19 batters in order, finished with
a three-hitter and broke a 15-
year jinx last night as the Mil-
waukee Braves defeated the Los
Angeles Dodgers 1-0.

It was the first time since Aug.
21, 1948, that Spahn had beaten
the Dodgers in their park. He had
dropped 14 decisions on Dodger
home fields since then.
The shutout was his third this
season and the 58th of his 19-year
major league career.
The Braves got the only run
of the game in the first inning.
Lee Maye opened with a single,

Ed Mathews walked and Henry
Aaron singled, loading the bases.
Maye came home on a long sac-
rifice fly by Joe Torre.
Milwaukee Manager Bobby Bra-
gan was ejected for the first time
this season when he made a
sweeping bow to plate umpire Ed
Vargo after an argument over a
called strike in the eight.

TRAPPE, Md. (/P) - John
Franklin (Home Run) Baker, one
of baseball's greats, died Friday
afternoon at his home in this
little Eastern Shore community
where he was born.
The 77-year-old Maryland farm
boy rose to fame with the Phila-
delphia Athletics and the New
York Yankees from 1910 to 1922.
Baker had suffered a series of
strokes since 1961, the most re-
cent earlier this month.

WIMBLEDON TENNIS:
McKinley Keeps Set Streak Unbroken;
Fales, Moffitt, Hard Pass Fourth Test

i

I

I

Major League Standings

I

AMERICAN LEAGUE
W L Pct.
New York 41 28 .594
Chicago 44 31 .587
Minnesota 42 32 .568
Boston 40 30 .572
Cleveland 38 35 .521
Los Angeles 40 38 .513
x-Baltimore 38 37 .507
x-Kansas City 33 37 .471
Detroit 28 44 .389
Washington 23 55 .295
x-Played night game.
YESTERDAY'S RESULTS
Cleveland 4, Chicago 3
Minnesota 10, Washington 3
Minesota 11, Washington 4
Detroit 8, Los Angeles 3
Los Angeles 8, Detroit 5
Boston 4, New York 3
Kansas City at Baltimore (Inc)
TODAY'S GAMES
Cleveland at Chicago
Los Angeles at Detroit
Kansas City at Baltimore
Boston at New York
Minnesota at Washington (n)

NATIONAL LEAGUE
W L Pct.

GB
1
1%
5
6
7
9%
15
22

G

St. Louis 44 30 .594
Los Angeles 42 31 .576
x-San Francisco '42 32 .5682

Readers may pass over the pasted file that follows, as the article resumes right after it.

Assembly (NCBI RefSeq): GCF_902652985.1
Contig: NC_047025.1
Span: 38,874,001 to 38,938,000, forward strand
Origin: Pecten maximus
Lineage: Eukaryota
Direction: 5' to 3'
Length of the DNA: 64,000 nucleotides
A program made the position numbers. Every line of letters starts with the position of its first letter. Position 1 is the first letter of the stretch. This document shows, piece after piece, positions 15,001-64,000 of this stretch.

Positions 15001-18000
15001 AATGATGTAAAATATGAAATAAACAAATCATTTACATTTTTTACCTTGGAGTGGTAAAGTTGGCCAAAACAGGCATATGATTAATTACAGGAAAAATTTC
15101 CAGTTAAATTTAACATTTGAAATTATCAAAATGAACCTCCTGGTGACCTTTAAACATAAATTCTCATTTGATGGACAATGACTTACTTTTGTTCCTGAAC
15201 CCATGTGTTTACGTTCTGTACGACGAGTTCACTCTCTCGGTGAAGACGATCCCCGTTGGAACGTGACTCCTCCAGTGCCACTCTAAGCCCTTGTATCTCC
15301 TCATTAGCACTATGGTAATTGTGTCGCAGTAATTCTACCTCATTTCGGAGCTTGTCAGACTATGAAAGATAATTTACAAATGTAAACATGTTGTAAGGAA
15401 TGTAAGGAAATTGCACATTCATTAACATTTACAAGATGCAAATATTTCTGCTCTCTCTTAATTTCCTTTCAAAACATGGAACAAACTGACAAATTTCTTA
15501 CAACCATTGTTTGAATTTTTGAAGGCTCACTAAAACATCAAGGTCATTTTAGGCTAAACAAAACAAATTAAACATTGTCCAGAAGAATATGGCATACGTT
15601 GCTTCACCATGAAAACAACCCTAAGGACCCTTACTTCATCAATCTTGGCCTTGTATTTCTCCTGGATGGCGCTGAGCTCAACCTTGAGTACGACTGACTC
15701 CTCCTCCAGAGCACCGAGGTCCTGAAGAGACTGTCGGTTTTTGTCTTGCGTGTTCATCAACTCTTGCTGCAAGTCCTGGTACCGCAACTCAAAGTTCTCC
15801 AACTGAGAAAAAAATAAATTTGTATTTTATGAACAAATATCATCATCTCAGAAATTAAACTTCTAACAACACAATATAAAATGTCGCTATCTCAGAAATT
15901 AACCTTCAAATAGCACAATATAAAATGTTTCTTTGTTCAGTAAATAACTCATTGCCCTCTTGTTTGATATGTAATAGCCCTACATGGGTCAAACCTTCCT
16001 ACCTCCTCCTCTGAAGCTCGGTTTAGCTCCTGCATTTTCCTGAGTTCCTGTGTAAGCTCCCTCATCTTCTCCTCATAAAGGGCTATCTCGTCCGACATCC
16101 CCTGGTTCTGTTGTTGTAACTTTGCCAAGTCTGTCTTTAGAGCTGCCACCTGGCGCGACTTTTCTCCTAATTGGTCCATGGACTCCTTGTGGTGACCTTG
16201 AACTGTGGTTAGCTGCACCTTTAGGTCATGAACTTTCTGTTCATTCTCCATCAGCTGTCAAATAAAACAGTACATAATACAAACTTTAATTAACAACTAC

x-Cincinnati 40 33 .5483
Chicago 40 34 .540 4
Milwaukee 37.36 .506
Philadelphia 34 41 .547 10
x-Pittsburgh 33 39 .458 1
x-New York 29 45 .392 15
Houston 28 48 .368 1
x-Played night game.
YESTERDAY'S RESULTS
Chicago 4, Philadelphia 3
St. Louis 9, Houston 2
Milwaukee 1, Los Angeles 0
New York at Pittsburgh (inc)
Cincinnati at San Francisco (inc)
TODAY'S GAMES
Chicago at Philadelphia
New York at Pittsburgh
St. Louis at Houston
Milwaukee at Los Angeles
Cincinnati at San Francisco

2
6%
.0Y2
0
.5
74

WIMBLEDON, England () -
Chuck McKinley, who has yet to
lose a set, pounded his way into
the quarter-finals of the Wimble-
don tennis tournament Friday de-
spite rain and a slippery court
that slowed his normal bounce to
a lope.
McKinley, 22, from St. Louis,
clipped 21-year-old Jaidip Mur-
W es t Needs
Big .Breaks
For Victoryli
BUFFALO, N. Y. (P) - Coach
John McKay will count on a
couple of long runs and passes for
a victory by the West over the
favored East Saturday night in
the third annual All-America foot-
ball game at War Memorial Sta-
dium.
A crowd of 30,000 is expected.
The game will start at 7:30 p.m.,
EST, and will be telecast nation-
ally at 9 p.m., EST, by ABC-TV,
Channel 7, Detroit.
McKay, who coached Southern
California to the National Foot-
ball championship last fall, seem-
ed concerned over whether the
West could penerate the East's
heavier line.
"We certainly aren't going to
be able to push the East around,"
he said. "They're too big.
"We have to figure on shaking
Kermit Alexander (UCLA) or
Ronnie Goodwin (Baylor) or
someone else loose for long runs,
and have Bill Nelsen (Southern
California) connect on some long
passes.
"Bill will have to have an out-
standing night for us to win.
Coach Milt Bruhn and his staff
decided to start Penn State's Rog-